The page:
India Travelogue, Ep. 6:


Everywhere we went in India, whether urban or rural, we encountered folks trying to earn a few rupees. I’ve already written about the multitude of souls, mostly children, seeking money by begging. In addition, there are legions of folks, young and old, standing by to serve tourists in exchange for what amounts to a dollar or two. (During our time there, the exchange rate was 65 rupees to one US dollar.)

I paid both male and female attendants outside restrooms who did nothing more than hand me a napkin. (Most public restrooms in India don’t have toilet paper, soap or paper towels. I carried supplies in my purse everywhere I went but it’s hard to ignore an earnest attendant.) I paid porters to tote my luggage. I paid staff I never laid eyes on to launder and iron my clothes. The list can be endless and, although when traveling in America I’m pretty much a self-serve gal, I relaxed and gave into those who were waiting (and sometimes begging) to help.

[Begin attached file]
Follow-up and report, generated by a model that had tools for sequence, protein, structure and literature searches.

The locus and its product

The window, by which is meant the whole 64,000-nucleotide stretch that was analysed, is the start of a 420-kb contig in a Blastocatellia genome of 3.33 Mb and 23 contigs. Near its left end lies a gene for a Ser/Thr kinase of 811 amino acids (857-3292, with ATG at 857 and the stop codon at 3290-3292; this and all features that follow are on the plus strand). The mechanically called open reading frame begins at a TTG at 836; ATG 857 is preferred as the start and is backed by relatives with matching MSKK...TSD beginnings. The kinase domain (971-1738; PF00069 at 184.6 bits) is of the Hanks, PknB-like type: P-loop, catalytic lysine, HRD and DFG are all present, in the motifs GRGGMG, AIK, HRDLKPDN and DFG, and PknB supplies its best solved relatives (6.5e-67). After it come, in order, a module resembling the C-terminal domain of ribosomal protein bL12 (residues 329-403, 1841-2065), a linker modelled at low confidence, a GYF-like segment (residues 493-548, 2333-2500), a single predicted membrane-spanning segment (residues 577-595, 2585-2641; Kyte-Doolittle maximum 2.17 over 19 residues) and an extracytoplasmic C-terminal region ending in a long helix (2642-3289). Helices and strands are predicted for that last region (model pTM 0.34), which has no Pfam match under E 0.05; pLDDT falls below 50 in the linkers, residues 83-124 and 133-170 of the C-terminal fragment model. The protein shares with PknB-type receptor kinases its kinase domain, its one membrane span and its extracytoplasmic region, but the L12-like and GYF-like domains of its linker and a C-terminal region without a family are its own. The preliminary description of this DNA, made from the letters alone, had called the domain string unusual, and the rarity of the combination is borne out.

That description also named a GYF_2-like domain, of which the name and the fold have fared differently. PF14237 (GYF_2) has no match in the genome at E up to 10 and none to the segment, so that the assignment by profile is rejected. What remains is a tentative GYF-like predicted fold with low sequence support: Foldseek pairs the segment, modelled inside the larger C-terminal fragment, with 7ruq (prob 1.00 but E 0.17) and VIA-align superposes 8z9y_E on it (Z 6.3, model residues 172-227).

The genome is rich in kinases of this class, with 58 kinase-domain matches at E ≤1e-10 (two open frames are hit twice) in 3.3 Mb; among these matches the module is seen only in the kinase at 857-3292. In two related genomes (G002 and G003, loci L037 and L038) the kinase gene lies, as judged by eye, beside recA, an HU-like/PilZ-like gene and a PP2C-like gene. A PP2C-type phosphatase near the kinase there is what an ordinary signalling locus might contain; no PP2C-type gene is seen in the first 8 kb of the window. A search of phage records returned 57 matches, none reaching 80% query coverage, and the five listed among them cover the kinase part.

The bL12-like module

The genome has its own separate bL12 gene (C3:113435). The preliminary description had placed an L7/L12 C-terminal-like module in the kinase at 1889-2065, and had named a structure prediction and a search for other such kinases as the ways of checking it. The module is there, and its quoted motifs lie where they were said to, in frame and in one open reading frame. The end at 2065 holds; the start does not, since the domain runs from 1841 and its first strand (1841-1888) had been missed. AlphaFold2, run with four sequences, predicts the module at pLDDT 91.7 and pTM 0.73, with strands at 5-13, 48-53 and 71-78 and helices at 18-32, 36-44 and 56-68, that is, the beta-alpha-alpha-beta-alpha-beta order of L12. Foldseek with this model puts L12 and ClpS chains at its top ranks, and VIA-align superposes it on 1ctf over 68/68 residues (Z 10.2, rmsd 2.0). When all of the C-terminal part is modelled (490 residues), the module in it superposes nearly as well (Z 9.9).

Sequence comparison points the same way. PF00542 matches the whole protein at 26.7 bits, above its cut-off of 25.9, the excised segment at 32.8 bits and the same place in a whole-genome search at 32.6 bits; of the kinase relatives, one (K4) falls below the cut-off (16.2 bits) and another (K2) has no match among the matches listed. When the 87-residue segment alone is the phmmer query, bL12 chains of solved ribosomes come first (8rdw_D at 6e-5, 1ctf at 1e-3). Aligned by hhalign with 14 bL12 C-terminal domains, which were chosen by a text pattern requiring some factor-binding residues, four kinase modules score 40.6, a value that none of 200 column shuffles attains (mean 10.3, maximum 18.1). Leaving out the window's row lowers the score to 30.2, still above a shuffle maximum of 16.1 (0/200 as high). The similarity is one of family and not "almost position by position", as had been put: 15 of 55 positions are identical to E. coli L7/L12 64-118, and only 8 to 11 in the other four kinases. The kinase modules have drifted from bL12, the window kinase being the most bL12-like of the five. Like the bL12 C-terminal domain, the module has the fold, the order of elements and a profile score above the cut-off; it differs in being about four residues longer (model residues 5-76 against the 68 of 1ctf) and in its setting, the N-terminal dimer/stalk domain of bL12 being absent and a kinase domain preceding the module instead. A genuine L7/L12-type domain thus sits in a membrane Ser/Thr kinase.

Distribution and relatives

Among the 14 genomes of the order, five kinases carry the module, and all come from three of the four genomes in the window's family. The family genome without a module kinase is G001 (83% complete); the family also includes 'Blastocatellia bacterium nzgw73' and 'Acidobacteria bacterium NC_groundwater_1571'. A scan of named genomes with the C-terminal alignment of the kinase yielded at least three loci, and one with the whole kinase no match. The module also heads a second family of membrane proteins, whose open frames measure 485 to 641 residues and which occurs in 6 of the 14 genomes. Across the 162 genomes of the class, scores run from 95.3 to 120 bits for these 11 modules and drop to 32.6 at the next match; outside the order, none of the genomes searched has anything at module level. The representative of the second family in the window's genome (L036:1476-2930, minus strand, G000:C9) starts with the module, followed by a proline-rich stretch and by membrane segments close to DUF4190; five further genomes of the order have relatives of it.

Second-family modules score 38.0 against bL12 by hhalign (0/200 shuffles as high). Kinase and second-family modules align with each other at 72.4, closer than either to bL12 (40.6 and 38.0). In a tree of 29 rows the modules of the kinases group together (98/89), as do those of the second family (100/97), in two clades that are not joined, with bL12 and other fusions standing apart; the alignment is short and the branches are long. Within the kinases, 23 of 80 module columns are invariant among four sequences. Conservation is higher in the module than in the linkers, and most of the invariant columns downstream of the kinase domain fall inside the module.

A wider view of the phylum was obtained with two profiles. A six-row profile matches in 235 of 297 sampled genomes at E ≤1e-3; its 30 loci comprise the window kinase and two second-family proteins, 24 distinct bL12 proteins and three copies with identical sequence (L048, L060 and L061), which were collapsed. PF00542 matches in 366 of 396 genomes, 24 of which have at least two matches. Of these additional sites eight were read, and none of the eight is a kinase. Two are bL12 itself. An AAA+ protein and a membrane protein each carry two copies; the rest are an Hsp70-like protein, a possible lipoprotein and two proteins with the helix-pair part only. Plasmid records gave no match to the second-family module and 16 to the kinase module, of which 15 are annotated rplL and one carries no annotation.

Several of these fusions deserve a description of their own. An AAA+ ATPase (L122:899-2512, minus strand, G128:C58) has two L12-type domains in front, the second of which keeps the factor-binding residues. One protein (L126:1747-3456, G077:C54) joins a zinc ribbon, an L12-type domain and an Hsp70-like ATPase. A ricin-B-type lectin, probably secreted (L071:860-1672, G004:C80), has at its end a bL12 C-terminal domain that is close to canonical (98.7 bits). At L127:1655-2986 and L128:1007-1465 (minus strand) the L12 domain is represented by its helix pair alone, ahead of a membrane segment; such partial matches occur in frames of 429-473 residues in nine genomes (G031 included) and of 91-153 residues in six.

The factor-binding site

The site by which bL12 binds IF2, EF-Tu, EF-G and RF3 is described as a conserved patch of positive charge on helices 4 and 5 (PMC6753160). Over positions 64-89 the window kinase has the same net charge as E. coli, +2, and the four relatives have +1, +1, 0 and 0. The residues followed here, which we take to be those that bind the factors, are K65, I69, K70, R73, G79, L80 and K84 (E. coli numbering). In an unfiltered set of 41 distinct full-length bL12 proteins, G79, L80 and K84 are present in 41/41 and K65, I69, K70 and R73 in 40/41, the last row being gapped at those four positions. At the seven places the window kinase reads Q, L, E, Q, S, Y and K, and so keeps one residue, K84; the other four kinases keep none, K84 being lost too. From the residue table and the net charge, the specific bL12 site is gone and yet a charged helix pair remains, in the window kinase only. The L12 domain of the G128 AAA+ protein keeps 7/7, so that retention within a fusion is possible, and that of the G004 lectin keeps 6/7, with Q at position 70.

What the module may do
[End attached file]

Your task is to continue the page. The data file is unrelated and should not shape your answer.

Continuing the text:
The fellow in this photo shined shoes. I was wearing sneakers so I couldn’t patronize him, but our tour guide stopped long enough to get his black leather loafers spiffed up. He paid the boy 10 rupees (about 15 cents). I tried to imagine how many shoes the boy had to shine to eat a meal (much less pay rent or buy new clothes or other necessities), but my mind got lost in translation from third-world to first-world economics and things simply didn’t compute for me.

In the quiet moments of my trip I spent a good bit of time pondering the relativity of wealth. There’s no more relation to my standard of living from this boy’s, than there is to Donald Trump’s from mine. I decided that in the face of such disparity the most important currency is kindness. And in India, I learned the exchange rate is always favorable.